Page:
In direct opposition, this post-election week has been marked by radioactive crowing from a dark age industry demanding massive government loan guarantees from "free market" Congressional Republicans. Armed with oceans of unaccountable corporate/billionaire cash, Karl Rove's new nuclear GOP wants to dump Adam Smith and pump public billions into a failed industry that cannot compete. The industry continually points to France's industry as a model. But it's mute to the fact that France's leaky, error-prone nukes are owned, operated and regulated (sort of) by the French government. A national socialist prototype, the EDF/Areva edifice---like its counterpart in Japan---would melt and die in an open market.
The International Energy Agency wants to wean the world off fossil-fuel subsidies that it says artificially inflate global energy demand. The agency is urging Group of 20 nations to slash their estimated $312-billion (U.S.) in annual support. It is estimated, however, that support for renewable energy is only about 60 per cent of the amount provided to fossil-fuel producers. In Canada, the federal government provides roughly $1.4-billion in tax breaks and support for R&D to the oil industry, while three provinces - Alberta, Saskatchewan, and Newfoundland and Labrador - account for roughly the same amount, said the International Institute for Sustainable Development in a report released last week.
Dirty Business reveals the true social and environmental costs of coal power and tells the stories of innovators who are pointing the way to an alternative energy future. The film examines what it means to remain dependent on a 19th century technology that is the largest single source of greenhouse gases. Can coal really be made clean? Can renewables and efficiency be produced on a scale large enough to replace coal?
Watch the 3 min. trailer here: http://www.dirtybusinessthefilm.com/dirty-business-trailer
Just last week, the Windsor economic development agency said up to one in 10 of that battered city’s new jobs are in renewable energy. That’s up to 600 new jobs making new, clean energy. A couple of weeks ago, a second solar manufacturing plant was announced for Guelph. Almost 600 direct jobs will be created, with hundreds more in spinoffs. It’s no accident that just the week before, four more units of a polluting coal power station were shut. Other manufacturing plants have been announced in Windsor, London and Toronto. With each one that opens, the California-style constituency for renewable energy grows; it’s not just about clean air, it’s about pay cheques, too.
Across rural Ontario, we’re seeing an economic rejuvenation thanks to clean energy. Farm families have already begun to receive cheques thanks to the solar panels and windmills they’ve installed. Over the next three years, the province will see 10 times as many solar panels installed than existed across the whole country at the end of 2009. These will come through the 15,000 rooftops and fields due for solar power — pumping more than 1,000 megawatts into our electricity grid. Enough power for a million homes. Consider this: the world’s largest solar farm is in Ontario. It pumps in 80 megawatts into the grid, and employed 800 people to build it.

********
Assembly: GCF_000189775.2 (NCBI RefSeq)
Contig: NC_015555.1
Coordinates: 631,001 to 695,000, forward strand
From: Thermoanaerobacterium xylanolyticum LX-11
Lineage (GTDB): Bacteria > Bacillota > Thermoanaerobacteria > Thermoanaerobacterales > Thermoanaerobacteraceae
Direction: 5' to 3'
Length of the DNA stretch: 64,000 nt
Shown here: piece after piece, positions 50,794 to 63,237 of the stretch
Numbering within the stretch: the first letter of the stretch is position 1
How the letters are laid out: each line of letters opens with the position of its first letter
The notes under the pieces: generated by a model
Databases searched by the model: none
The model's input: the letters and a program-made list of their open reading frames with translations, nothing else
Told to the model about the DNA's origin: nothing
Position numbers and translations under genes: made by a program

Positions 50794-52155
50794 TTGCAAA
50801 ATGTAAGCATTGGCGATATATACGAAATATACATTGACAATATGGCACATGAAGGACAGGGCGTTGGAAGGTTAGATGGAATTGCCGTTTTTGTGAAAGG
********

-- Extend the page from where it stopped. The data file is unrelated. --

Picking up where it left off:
Then there’s wind. In about a year, contracts have been awarded for more than 1,500 megawatts of wind capacity. That’s 650 windmills about to go up, each one employing someone, each one generating clean energy to replace coal.
Port Hope is sitting on a carcinogenic time bomb that residents can only escape by moving out of town, a renowned doctor and anti-nuclear activist warns. Historic low-level radioactive waste buried in parks, ravines, streets, industrial sites, the harbour and hundreds of backyards poses a “life or death” threat and can’t be safely remediated, according to Dr. Helen Caldicott. Digging out more than 1.2 million cubic metres of soil, enough to fill 500 Olympic-size pools, will take a decade and cost at least $260 million. The final scope and price tag are unknown.
Tues. Nov. 16, 7:30 pm
St. Mark’s Parrish Hall, 51 King St, Port Hope, Ontario
Tickets: $15 Adults, free for students with student card
Order tickets here: ph. (950) 885 1572
Dr. Caldicott is founder of Physicians for Social Responsibility and a nominee for the Nobel Peace Prize. For 30 years she has educated the public about the medical hazards of the nuclear age.
Eric Fawcett Dinner and Forum
Sunday 14 November, 1:30 - 4:00 PM, Toronto
Forum One: International Law & Institutions: Building Peace & Security
Forum Two: Towards an Arctic Nuclear Weapons Free Zone
For more info: http://www.scienceforpeace.ca/eric-fawcett-dinner-and-forum
The Ontario Sustainable Energy Association is hosting its 2nd annual Community Power Conference 2010 this November 15-16 at the Metro Toronto Convention Centre.
Do not miss the Community Power sector's premier event of the year. http://cpconference.ca/
95 min. documentary film, USA
Thursday November 18th, 7:30 PM
National Film Board Cinema, 150 John Street, Toronto
PWYC at the door (suggested donation $5)
Amnesty International Toronto celebrates its fifth annual Reel Awareness Film Festival with four days of some of the best human rights documentary and feature films shown around the world.
See film description here: http://www.aito.ca/reelawareness/films/climate_refugees/index.html
See full festival program here: http://www.aito.ca/reelawareness/index.html
Order FREE anti-nuke and anti-coal postcards/leaflets to distribute to your friends and neighbours! http://www.cleanairalliance.org/get_involved_order_pamphlets
And watch the 11 minute video with Jack Gibbons, Ontario Clean Air Alliance on how the proposed Darlington nuclear re-build will drive up electricity bills http://www.cleanairalliance.org/
Ontario Clean Air Alliance
Tel: 416 926 1907 x 246
625 Church Street, #402
Toronto, ON M4Y 2G1
Our Facebook Group
Sign Our Petition
No Nukes News